Is common dust making us overweight?
Science & Tech / /
It is already known that common dust can make us sneeze, but is it possible that it can also make us gain weight?
Researchers had previously discovered that household dust, which is a mixture of fine particles found in the surrounding, contains chemicals that can influence the body’s natural hormonal processes, and by that impact various body functions as fertility, weight or mood.
“As it turns out there's a wide variety of consumer products that leach various classes of chemicals into the indoor environment, and many labs have found that they kind of accumulate over time in house dust,” says study author Christopher Kassotis, an endocrine researcher at The Nicholas School of the Environment at Duke University.
We are becoming aware that what doesn’t kill us today is not necessarily making us stronger, but could cause health problems in the future. Researchers have recently begun to actualize and research the idea that chemicals in our surrounding might even affect our metabolism. Scientists have studied this issue over the past few years to better understand the bioactivity of these chemicals.
This study published in Environmental Science and Technology, was based on 41 chemicals identified in earlier studies as being present in household dust. The researchers used the mouse pre-adipocyte cell model, which is precursors of fat cells, in order to see if those chemicals influence fat development.
They examined wheter the chemicals found in dust make the precursor develop more fat-like cells. The conclusion was that about two-thirds of the tested chemicals were positive in triggering fat cell development.
In another part of the study, scientists gave instructions to 11 home owners not to clean their homes in the name of science for at least two days before the sample were collected.
When scientists ran the samples through the mouse pre-adipocyte cell model, 10 out of 11 dust samples were positive for some kind of fat-triggering activity.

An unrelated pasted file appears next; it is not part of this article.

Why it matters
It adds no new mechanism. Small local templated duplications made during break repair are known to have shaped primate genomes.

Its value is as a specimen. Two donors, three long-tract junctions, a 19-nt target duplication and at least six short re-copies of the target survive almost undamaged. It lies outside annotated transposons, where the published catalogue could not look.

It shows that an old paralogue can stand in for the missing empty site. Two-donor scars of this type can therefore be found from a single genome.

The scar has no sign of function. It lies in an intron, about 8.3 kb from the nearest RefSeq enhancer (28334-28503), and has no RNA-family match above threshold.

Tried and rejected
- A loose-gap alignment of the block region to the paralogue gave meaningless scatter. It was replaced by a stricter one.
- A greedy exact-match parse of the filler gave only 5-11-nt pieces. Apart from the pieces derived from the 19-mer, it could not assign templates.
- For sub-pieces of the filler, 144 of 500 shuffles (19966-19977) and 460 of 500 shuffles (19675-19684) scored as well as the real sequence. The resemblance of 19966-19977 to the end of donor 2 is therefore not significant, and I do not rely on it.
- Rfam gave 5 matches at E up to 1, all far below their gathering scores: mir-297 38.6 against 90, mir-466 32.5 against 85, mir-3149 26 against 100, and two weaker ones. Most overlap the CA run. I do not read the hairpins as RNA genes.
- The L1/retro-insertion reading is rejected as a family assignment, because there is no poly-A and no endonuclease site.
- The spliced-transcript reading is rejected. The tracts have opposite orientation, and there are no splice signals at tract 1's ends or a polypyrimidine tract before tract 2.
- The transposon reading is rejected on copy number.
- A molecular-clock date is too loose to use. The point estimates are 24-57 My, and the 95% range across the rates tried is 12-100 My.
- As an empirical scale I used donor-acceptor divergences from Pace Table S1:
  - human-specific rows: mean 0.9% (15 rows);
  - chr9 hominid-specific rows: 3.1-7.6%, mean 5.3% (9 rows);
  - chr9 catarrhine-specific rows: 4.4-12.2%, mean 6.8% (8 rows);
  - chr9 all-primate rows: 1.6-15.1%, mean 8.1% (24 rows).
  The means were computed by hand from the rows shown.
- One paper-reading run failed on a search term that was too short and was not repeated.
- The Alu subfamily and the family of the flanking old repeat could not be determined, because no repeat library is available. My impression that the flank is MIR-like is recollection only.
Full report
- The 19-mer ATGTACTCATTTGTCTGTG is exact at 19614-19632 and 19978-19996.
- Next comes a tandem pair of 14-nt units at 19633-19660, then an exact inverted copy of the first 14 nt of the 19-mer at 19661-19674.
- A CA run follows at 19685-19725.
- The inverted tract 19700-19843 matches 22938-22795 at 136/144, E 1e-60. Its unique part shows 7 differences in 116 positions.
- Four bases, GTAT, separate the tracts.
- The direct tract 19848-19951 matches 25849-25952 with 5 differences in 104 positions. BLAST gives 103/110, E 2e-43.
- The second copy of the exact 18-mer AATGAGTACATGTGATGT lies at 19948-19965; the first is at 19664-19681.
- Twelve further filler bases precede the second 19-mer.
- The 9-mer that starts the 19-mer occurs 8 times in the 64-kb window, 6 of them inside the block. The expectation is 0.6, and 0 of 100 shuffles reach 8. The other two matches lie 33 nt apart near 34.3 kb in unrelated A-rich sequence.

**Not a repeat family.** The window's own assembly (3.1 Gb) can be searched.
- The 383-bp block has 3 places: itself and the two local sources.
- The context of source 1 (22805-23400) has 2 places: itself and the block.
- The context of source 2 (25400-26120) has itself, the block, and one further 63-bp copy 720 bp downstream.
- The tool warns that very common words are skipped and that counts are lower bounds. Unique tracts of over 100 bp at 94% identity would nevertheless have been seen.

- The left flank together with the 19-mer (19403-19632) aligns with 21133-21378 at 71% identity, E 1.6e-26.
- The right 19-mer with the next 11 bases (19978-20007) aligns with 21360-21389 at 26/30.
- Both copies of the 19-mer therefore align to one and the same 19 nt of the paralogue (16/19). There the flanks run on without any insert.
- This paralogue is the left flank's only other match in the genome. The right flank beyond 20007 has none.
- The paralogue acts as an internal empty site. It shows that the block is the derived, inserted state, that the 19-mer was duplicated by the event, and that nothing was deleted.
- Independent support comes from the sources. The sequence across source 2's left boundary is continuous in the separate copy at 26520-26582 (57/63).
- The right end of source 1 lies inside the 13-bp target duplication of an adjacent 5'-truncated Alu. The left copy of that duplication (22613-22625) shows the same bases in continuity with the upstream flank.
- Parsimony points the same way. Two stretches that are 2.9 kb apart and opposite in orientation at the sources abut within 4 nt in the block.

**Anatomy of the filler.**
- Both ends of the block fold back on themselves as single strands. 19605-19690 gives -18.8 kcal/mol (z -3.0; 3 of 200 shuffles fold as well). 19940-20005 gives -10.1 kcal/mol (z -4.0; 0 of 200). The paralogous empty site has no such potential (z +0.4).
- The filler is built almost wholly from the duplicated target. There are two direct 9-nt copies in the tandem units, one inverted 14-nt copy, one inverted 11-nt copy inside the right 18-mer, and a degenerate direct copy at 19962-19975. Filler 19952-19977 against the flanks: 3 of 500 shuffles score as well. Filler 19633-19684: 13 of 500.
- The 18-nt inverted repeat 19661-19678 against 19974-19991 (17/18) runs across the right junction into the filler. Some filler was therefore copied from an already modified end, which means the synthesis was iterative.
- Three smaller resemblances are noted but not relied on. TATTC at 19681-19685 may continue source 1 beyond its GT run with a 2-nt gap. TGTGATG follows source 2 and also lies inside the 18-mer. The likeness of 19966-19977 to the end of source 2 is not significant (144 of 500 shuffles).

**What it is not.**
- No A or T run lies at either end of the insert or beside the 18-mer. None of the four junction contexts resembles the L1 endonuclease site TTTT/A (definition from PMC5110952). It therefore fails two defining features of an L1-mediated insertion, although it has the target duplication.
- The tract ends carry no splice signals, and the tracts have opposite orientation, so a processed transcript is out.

"One of the big take aways," says Kassotis, "is that metabolic disrupters are probably much more common than we've thought of up until now."
The conclusion of the study is not that the reason people are getting fatter is the household dust. Mainly, the study was done on mice cells, not on human. But Kassotis said that "because this model is so well evaluated and because we understand it so well, there's been a large number of studies that have really taken this the whole way to humans.” Even though there is no direct evidence that the results on human cells would be the same as if in mouse cells, the evidence certainly points in that direction.
"I think there's a strong likelihood that if a chemical can stimulate [the cells used in the study] to turn into fat cells, that is a strong indicator that this chemical could potentially do the same thing in a person," says Schlezinger. "I would hesitate to say it's absolute."
It's too soon to tell whether or not these chemicals are making us gain weight, especially because the study is seen as an essential first step. Even if the same effect is demonstrated in humans, it’s most likely only a small contributor to the overweight problem. But Kassotis still claims that many research studying this issue, including this one, suggests that reducing the exposure to these endocrine-disrupting chemicals in fact makes sense.